Penile cancer is a malignant growth found on the skin or in the tissues of the penis. Around 95% of penile cancers are squamous cell carcinomas which arise from normal skin.
- Being age 60 or older.
- Having phimosis (a condition in which the foreskin of the penis cannot be pulled back over the glans).
- Having poor personal hygiene.
- Having many sexual partners.
- Having Human Papillomavirus infection (HPV)
- Using tobacco products.
Signs of penile cancer include:
• Redness of the penis
• Rash on the penis
• Foul smelling discharge from the penis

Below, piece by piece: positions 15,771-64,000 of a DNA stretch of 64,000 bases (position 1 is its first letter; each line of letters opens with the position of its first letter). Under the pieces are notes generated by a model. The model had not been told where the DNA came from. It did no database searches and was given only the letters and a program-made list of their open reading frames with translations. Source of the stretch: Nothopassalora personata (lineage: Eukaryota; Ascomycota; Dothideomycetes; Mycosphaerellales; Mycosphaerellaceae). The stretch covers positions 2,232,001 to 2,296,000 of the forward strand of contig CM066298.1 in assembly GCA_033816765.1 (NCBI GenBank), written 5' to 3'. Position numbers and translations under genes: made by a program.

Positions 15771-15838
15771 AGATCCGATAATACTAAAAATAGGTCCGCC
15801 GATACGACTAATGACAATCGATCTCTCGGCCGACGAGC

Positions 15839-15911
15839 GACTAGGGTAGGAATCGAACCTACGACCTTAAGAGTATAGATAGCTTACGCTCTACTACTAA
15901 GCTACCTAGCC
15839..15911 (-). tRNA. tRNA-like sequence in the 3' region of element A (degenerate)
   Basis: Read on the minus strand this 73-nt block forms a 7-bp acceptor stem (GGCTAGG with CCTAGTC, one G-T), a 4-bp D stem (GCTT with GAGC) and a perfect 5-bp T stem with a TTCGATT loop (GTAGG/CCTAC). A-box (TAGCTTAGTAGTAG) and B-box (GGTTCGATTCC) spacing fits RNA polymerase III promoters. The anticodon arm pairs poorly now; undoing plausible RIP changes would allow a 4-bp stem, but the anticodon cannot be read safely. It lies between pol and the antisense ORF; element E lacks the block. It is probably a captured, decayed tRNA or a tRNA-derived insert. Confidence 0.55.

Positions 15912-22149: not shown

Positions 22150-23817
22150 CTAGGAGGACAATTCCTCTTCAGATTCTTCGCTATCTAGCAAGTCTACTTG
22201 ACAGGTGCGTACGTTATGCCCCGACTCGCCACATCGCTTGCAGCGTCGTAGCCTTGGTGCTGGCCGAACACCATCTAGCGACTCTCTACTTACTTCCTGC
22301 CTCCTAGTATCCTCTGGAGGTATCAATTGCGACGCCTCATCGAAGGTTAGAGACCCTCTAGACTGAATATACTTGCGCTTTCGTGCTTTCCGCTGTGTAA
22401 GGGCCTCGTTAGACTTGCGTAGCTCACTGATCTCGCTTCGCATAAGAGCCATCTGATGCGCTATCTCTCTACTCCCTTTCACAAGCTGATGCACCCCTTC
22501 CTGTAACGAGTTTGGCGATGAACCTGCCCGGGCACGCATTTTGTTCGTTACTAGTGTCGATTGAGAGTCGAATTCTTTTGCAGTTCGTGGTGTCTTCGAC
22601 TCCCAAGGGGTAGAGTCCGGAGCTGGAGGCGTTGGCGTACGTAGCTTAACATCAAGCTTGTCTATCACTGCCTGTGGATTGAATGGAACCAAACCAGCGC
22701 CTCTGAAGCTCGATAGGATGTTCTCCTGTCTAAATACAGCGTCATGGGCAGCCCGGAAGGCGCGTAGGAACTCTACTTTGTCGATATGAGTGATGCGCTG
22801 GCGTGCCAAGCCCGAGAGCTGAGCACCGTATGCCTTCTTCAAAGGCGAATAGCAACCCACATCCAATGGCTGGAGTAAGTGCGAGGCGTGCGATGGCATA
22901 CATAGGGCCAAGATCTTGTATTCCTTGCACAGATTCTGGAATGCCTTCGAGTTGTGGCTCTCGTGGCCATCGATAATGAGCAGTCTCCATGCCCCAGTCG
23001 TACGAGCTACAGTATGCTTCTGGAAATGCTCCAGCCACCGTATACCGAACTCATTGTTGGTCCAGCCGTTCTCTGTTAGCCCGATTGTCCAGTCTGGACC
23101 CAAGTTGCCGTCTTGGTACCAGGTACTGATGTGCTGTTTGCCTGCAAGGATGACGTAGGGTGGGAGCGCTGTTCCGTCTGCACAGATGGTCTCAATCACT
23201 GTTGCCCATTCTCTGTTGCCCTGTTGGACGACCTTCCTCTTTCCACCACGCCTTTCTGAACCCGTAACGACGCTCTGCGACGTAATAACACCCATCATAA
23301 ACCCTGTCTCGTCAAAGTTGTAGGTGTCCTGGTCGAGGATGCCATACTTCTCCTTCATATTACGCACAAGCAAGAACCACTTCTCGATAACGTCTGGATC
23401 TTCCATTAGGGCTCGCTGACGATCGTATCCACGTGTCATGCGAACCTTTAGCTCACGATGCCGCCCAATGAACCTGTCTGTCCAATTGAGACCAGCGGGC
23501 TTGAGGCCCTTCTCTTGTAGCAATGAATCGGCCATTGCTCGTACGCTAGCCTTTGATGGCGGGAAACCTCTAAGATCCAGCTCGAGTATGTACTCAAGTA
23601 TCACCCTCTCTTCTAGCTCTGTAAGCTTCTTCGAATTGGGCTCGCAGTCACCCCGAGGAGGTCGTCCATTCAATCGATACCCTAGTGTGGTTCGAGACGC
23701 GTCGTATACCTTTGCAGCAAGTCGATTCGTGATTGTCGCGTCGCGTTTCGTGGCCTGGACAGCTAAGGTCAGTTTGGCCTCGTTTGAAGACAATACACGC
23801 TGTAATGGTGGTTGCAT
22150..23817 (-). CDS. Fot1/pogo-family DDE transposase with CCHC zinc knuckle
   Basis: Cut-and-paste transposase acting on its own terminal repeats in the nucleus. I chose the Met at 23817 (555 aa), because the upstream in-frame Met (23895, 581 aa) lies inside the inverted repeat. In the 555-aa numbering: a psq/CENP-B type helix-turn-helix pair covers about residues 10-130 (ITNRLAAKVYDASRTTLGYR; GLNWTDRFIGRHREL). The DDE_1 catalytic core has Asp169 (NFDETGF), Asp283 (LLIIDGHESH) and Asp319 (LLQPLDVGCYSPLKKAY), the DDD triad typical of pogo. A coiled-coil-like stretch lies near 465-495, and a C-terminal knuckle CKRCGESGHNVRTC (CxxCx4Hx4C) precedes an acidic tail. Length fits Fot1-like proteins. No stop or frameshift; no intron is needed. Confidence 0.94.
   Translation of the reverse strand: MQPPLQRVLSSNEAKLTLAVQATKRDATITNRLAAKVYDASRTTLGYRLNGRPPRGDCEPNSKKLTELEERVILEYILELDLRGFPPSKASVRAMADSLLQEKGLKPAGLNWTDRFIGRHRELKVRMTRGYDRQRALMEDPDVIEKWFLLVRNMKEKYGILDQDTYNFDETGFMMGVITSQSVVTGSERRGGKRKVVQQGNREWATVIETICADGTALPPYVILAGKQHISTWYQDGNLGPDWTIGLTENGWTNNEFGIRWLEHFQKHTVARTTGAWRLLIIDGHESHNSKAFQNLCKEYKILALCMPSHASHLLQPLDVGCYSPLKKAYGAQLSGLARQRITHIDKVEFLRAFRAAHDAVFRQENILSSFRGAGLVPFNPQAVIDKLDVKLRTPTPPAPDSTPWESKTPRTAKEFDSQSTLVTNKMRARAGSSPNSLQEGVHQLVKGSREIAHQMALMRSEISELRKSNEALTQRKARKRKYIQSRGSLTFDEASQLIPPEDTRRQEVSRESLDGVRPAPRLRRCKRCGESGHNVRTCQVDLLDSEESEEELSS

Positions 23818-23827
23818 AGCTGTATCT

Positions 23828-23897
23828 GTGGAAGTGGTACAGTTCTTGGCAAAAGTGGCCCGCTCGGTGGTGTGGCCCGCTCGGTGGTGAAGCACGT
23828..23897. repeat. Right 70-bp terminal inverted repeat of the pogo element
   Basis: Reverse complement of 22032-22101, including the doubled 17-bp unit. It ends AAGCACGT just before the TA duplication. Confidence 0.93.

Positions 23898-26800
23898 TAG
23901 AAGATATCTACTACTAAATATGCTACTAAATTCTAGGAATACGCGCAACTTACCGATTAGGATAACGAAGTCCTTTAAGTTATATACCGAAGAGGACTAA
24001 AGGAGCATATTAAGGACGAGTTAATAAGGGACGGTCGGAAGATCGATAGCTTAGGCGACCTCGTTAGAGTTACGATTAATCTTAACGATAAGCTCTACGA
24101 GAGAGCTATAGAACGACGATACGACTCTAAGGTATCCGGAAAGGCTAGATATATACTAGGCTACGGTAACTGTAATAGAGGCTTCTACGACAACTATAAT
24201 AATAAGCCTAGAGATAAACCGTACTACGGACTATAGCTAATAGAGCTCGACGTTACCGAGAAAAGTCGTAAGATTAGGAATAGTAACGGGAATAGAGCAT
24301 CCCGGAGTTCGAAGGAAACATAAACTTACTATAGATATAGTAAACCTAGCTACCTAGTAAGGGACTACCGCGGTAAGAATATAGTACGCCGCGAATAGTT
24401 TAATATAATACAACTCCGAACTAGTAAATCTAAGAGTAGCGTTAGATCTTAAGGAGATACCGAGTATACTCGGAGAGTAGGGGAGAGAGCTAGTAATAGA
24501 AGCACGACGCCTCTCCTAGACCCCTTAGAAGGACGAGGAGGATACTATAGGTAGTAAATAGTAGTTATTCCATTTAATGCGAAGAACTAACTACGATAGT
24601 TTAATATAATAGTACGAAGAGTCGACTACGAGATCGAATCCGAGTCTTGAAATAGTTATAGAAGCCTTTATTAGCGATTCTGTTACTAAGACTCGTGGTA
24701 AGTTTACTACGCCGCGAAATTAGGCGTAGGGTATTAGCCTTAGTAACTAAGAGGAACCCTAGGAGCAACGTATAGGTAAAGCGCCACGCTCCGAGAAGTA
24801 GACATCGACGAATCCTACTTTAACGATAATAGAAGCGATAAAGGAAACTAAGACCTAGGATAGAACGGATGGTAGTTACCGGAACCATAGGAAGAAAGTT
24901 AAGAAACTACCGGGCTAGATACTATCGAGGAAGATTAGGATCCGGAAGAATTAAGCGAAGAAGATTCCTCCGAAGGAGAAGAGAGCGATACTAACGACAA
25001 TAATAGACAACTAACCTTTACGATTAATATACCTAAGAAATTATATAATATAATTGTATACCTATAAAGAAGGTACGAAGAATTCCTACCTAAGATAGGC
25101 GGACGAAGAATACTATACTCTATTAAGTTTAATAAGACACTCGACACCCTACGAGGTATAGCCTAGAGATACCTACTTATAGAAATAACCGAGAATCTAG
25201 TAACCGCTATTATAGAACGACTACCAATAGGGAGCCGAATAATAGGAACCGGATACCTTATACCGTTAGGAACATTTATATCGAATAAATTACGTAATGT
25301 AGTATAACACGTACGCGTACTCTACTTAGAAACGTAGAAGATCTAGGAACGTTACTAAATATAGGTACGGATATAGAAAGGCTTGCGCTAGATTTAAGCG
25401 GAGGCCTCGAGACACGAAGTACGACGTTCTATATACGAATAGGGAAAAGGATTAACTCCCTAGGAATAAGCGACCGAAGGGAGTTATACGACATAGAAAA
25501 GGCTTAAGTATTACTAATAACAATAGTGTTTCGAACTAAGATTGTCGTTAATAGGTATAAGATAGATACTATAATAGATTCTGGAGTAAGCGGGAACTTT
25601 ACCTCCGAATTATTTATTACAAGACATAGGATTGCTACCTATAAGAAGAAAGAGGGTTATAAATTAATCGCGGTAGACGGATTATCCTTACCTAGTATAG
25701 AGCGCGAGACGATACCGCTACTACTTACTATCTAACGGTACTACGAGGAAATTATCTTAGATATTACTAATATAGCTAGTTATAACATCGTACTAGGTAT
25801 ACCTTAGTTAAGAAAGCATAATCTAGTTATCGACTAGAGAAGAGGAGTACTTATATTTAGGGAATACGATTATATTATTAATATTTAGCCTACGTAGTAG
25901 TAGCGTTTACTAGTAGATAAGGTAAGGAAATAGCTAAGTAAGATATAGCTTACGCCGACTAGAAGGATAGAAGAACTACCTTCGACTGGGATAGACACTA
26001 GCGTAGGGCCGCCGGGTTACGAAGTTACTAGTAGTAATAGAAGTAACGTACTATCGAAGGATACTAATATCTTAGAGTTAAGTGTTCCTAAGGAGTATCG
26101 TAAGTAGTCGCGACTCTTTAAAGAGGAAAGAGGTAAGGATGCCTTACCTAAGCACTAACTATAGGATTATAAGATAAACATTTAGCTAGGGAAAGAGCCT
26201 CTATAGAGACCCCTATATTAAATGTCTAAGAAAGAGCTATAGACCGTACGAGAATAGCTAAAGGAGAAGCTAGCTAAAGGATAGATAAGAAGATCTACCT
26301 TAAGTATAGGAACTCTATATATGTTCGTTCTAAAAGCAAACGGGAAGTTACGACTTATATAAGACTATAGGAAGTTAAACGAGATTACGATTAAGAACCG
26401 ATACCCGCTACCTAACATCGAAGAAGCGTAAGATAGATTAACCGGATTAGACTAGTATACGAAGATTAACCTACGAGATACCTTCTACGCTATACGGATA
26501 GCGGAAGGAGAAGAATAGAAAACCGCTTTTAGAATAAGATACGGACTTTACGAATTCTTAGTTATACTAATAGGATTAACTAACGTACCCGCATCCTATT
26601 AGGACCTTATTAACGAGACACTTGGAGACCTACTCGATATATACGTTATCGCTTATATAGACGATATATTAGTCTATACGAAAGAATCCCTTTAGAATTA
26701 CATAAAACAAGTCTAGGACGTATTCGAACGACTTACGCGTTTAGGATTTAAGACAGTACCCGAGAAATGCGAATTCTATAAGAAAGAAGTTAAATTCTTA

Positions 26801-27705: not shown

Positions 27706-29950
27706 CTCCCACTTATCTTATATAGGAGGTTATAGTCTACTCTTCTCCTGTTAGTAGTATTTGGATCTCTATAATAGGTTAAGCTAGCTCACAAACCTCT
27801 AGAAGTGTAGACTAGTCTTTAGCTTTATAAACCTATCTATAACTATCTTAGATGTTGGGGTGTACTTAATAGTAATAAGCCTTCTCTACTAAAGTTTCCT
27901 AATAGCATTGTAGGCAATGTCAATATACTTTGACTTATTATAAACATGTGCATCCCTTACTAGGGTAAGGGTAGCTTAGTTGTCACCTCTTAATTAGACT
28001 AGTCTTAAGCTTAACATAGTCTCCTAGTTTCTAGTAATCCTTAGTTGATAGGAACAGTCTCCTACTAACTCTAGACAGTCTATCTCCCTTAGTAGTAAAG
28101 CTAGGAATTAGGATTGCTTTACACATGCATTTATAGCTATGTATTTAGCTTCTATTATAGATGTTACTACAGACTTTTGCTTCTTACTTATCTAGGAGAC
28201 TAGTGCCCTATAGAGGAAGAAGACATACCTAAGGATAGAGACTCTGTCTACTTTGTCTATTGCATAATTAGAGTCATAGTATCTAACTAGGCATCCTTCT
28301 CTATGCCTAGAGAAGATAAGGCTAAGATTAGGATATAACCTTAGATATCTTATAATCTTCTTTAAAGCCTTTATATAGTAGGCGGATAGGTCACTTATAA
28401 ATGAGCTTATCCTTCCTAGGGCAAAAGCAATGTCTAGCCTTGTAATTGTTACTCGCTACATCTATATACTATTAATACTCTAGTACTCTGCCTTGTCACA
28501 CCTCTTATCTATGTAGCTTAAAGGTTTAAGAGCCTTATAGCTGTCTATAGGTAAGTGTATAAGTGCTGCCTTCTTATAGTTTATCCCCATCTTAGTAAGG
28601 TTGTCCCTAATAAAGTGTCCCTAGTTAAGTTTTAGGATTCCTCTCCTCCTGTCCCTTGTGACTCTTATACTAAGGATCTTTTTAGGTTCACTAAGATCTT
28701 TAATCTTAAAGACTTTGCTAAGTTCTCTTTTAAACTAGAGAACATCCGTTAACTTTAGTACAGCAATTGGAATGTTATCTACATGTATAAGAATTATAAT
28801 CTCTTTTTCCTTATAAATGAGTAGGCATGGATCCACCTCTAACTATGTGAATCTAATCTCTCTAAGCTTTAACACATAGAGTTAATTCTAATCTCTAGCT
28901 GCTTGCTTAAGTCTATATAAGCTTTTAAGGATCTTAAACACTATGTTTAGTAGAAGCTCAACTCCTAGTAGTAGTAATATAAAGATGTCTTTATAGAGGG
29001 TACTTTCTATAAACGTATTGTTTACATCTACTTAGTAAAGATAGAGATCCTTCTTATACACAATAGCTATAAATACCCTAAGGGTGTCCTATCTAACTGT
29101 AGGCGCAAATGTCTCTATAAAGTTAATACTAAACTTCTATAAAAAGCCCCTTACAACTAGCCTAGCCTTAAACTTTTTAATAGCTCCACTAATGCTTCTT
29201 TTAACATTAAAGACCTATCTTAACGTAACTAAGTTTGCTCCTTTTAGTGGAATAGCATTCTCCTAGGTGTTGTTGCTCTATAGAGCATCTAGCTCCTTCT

• Pain in the penis
• Growth or sore on the penis that doesn’t heal within four weeks (may look like a wart, ulcer, or blister), may or may not be painful
• Bleeding from the penis or from under the foreskin
• Change in color of the penis
• Inability to retract the foreskin
Certain factors affect prognosis (chance of recovery) and treatment options.
The prognosis (chance of recovery) and treatment options depend on the following:
• The stage of the cancer.
• The location and size of the tumor.
• Whether the cancer has just been diagnosed or has recurred (come back).